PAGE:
14 Take, for example, the general study by Hall, Linda B. and Coerver, Don M., Revolution on the Border: the United States and Mexico, 1910-1920 (Albuquerque: University of New Mexico Press, c1988 ), or Sandos, James A., Rebellion in the Borderlands: Anarchism and the Plan of San Diego, 1904-1923 (Norman: University of Oklahoma Press, 1992) and Johnson, Benjamin Heber, Revolution in Texas: How a Forgotten Rebellion and Its Bloody Suppression Turned Mexicans into Americans (New Haven: Yale, 2005), which focus on a radical uprising in Texas. Similarly, Lawrence Douglas Taylor studies the taking of Tijuana by Magonistas, and Wobblies, in La campaña magonista de 1911 in Baja California (Tijuana: El Colegio de la Frontera Norte, 1992). See also, Blaisdell, Lowell L., The Desert Revolution, Baja California, 1911 (Madison: University of Wisconsin Press, 1962).

15 Taylor’s, Lawrence La gran aventura en México, (Mexico: Consejo Nacional para la Cultura y las Artes, 1993), 2 vols., is a two volume study of foreign volunteers in the Mexican revolution; see also Dirk Raat’s, W. Revoltosos: Mexico’s Rebels in the United States, 1903-1923 (College Station, Tex.: Texas A&M University Press, 1981). A book also in that vein is Colin McLachlan’s, M. Anarchism and the Mexican Revolution: The Political Trials of Ricardo Flores Magón in the United States (Berkeley: University of California Press, 1991).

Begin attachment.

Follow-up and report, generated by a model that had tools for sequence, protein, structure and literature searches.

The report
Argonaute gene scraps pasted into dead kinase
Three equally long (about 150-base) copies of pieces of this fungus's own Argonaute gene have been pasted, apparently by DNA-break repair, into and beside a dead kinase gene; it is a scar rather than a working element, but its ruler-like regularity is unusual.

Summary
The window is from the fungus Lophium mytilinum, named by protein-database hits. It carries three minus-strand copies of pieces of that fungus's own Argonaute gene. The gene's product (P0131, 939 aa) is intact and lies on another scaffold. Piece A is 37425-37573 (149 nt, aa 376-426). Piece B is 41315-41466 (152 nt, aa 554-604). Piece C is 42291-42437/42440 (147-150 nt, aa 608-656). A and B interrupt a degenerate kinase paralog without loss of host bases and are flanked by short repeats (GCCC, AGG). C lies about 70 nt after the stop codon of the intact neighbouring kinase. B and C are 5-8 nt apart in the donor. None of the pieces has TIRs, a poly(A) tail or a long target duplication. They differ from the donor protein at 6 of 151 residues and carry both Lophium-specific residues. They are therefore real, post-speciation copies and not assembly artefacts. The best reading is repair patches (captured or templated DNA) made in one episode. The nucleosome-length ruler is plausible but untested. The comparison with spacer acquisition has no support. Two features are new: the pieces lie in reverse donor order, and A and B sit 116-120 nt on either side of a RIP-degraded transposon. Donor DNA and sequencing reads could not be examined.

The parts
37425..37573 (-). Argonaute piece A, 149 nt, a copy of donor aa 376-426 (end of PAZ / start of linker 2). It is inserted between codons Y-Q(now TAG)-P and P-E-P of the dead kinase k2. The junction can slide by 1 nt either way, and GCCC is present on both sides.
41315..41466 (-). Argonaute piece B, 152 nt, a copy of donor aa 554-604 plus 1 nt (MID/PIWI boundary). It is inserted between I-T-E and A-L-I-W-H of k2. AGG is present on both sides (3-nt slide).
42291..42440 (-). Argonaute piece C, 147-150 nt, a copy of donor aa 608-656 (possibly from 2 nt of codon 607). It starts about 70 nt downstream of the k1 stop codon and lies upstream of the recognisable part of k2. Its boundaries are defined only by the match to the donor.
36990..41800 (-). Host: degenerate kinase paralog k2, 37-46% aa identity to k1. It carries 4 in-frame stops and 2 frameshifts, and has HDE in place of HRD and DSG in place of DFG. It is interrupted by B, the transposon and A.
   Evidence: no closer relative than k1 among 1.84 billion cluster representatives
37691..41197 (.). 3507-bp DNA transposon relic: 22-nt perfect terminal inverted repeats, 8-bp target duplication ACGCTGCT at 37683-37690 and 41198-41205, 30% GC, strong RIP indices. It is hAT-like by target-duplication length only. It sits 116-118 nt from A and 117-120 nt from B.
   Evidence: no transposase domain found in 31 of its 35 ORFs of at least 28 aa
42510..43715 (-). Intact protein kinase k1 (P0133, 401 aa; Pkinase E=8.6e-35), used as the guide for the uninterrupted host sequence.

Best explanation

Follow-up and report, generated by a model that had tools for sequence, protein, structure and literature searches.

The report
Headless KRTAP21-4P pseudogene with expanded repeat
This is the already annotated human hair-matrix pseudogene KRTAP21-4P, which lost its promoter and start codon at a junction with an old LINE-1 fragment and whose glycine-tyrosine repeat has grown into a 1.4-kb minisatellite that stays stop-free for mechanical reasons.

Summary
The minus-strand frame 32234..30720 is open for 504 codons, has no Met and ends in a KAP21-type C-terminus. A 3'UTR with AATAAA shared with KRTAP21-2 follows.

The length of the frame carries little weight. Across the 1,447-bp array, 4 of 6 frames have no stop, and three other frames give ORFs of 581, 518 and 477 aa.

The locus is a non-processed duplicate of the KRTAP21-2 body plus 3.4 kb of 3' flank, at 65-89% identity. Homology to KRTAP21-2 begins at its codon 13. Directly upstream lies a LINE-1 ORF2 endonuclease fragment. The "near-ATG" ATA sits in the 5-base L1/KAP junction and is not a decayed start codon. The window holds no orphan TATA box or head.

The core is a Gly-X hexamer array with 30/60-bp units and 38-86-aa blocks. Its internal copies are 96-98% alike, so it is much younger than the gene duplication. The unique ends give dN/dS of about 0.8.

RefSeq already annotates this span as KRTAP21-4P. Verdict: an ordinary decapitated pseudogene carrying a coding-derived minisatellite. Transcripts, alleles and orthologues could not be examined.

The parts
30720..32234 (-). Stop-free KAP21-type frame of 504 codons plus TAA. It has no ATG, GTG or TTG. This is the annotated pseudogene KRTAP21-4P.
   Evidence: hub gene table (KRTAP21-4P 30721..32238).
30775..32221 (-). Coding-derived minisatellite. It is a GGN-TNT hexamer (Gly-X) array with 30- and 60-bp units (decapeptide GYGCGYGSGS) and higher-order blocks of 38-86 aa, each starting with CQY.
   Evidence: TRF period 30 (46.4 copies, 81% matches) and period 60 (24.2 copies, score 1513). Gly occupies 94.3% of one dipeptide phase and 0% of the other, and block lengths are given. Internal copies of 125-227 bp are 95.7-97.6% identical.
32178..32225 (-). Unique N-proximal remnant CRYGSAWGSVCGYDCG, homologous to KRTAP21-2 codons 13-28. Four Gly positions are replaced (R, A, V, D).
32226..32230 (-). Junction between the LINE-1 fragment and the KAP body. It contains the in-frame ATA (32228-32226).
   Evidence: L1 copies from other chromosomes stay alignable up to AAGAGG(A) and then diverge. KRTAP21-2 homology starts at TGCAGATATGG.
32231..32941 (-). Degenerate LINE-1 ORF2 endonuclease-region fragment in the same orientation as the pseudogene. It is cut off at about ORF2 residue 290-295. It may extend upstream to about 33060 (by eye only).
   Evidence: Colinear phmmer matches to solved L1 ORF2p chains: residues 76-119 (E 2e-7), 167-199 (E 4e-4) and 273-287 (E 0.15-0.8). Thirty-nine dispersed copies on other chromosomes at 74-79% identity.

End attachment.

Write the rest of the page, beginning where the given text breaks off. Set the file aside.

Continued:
16 Mexico: UNAM, 1990.

17 Durham: Duke University Press, 1999.

18 Botz, Daniel Herbert La, ‘“Slackers’: American War Resisters and Communists in Mexico, 1917–1927” (Ph.D. Diss. University of Cincinnati, 1998).

19 On the role of the U.S. in Mexico, see Hart, John Mason , Empire and Revolution: The Americans in Mexico since the Civil War (Berkeley: University of California Press, 2002). The best source on foreign immigrants to Mexico is Moises Navarro, González, Los Extranjeros en México y los Mexicanos en el extranjero: 1821-1970 (Mexico: Colegio de Mexico, 1994), 3 vols. Regarding U.S. Protestant missionaries in Mexico, see Bastian, Jean-Pierre, Los Disidentes: Sociedades Protestantes y revolución en Mexico. 1872-1911 (Mexico: Colegio de México and Fondo de Cultura Económica, 1993).